The duration of RP prior to progression to SSc was considered as proxy for SSc onset and included in the Cox regression analysis. Significantly more patients who harboured anti-RNAP antibodies (43.8%, 14 of 32) were diagnosed with cancer within 36 months of RP onset compared to those with ACA (13.3%, 4 of 30; P = 0.012) and those with anti-Scl-70 antibodies (5.3%, 1 of 19; P = 0.004). In addition, Cox proportional hazards regression analysis with RP onset used as a proxy for SSc onset demonstrated that the HR for development of cancer remained similar (HR = 2.86, 95% CI = 1.54 to 5.32; P = 0.001) in those with anti-RNAP antibodies compared to those with the ACA subtype.
There is emerging evidence from recent case series and epidemiological studies that SSc is associated with an increased risk for various malignancies[1, 20]. In this large retrospective registry-based cohort study, we have shown that, compared with patients without cancer (N = 2,023), SSc patients with cancer (N = 154) were more frequently positive for anti-RNAP antibodies than the other hallmark SSc-specific antibodies, ACA or anti-Scl-70 antibodies. This study confirms that positivity for anti-RNAP antibodies is associated with at least a twofold increased HR for cancers that occurred before or after onset of SSc compared to those without anti-RNAP antibodies. The association remained significant for anti-RNAP antibodies and the development of cancers that occurred after the onset of SSc. In contrast, no significant differences in cancer frequency were demonstrated across disease subsets or between the sexes. Ethnicity data were not available, so this factor could not be considered in the analyses.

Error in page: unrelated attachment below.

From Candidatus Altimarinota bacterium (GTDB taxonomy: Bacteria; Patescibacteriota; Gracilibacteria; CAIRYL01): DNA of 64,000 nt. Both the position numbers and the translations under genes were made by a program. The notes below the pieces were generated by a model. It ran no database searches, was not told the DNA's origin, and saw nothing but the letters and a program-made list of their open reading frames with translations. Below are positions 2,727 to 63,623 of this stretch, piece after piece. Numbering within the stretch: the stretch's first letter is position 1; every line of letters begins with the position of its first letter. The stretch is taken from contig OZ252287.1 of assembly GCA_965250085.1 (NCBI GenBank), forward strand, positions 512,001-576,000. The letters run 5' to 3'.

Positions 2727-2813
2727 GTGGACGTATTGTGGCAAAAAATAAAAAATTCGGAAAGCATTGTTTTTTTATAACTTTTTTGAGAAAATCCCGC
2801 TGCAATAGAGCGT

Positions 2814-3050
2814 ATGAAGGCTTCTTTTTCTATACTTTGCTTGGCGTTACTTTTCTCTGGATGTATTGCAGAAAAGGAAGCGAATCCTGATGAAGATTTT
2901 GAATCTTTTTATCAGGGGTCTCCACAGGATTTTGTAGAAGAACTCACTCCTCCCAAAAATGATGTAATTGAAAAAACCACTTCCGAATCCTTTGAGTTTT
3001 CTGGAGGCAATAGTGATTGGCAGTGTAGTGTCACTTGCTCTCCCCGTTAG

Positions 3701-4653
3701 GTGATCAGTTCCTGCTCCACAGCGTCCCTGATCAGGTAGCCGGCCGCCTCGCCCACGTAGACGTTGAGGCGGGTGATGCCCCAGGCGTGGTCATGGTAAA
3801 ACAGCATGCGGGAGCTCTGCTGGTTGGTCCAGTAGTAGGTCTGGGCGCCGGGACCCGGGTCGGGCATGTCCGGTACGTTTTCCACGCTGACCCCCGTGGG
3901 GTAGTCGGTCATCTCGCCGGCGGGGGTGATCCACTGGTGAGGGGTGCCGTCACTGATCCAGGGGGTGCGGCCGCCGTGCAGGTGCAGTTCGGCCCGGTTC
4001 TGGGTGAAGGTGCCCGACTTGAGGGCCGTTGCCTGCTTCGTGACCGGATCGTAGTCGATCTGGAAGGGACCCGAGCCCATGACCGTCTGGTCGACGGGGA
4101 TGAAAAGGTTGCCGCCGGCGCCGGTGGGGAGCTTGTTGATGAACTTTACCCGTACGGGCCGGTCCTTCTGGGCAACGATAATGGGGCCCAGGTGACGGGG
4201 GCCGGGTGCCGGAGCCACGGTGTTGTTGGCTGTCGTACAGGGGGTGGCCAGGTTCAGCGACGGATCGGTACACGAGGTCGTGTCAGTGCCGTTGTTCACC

Importantly, the results of our present study demonstrate that positivity for anti-RNAP antibodies conferred sixfold higher odds for developing cancer within 36 months of SSc onset compared to those without this antibody, highlighting the close temporal association in this subgroup. This result supports the observation in an earlier study by Shah et al., who found that patients with anti-RNAP antibodies developed SSc within 2 years of cancer onset in a smaller cohort of 23 patients. Airò et al. also reported a clustering of cancers with SSc onset in a small sample of patients with anti-RNAP antibodies. In our present study, this temporal relationship was noted in particular among SSc patients with breast cancer, supporting the observation recently reported by Launay et al.. The temporal relationship between cancer and SSc reported herein is similar to that of adenocarcinomas in dermatomyositis patients, and this association also extends, albeit with lower risk, to patients with two other autoimmune rheumatic diseases: polymyositis and systemic lupus erythematosus[22–24]. In this regard, this association suggests that the presentation of malignancy and the onset of SSc may be mechanistically linked and that the confluence of SSc and cancer also indicates that some cases of SSc might represent a paraneoplastic syndrome in which the immune system is responding to cancer.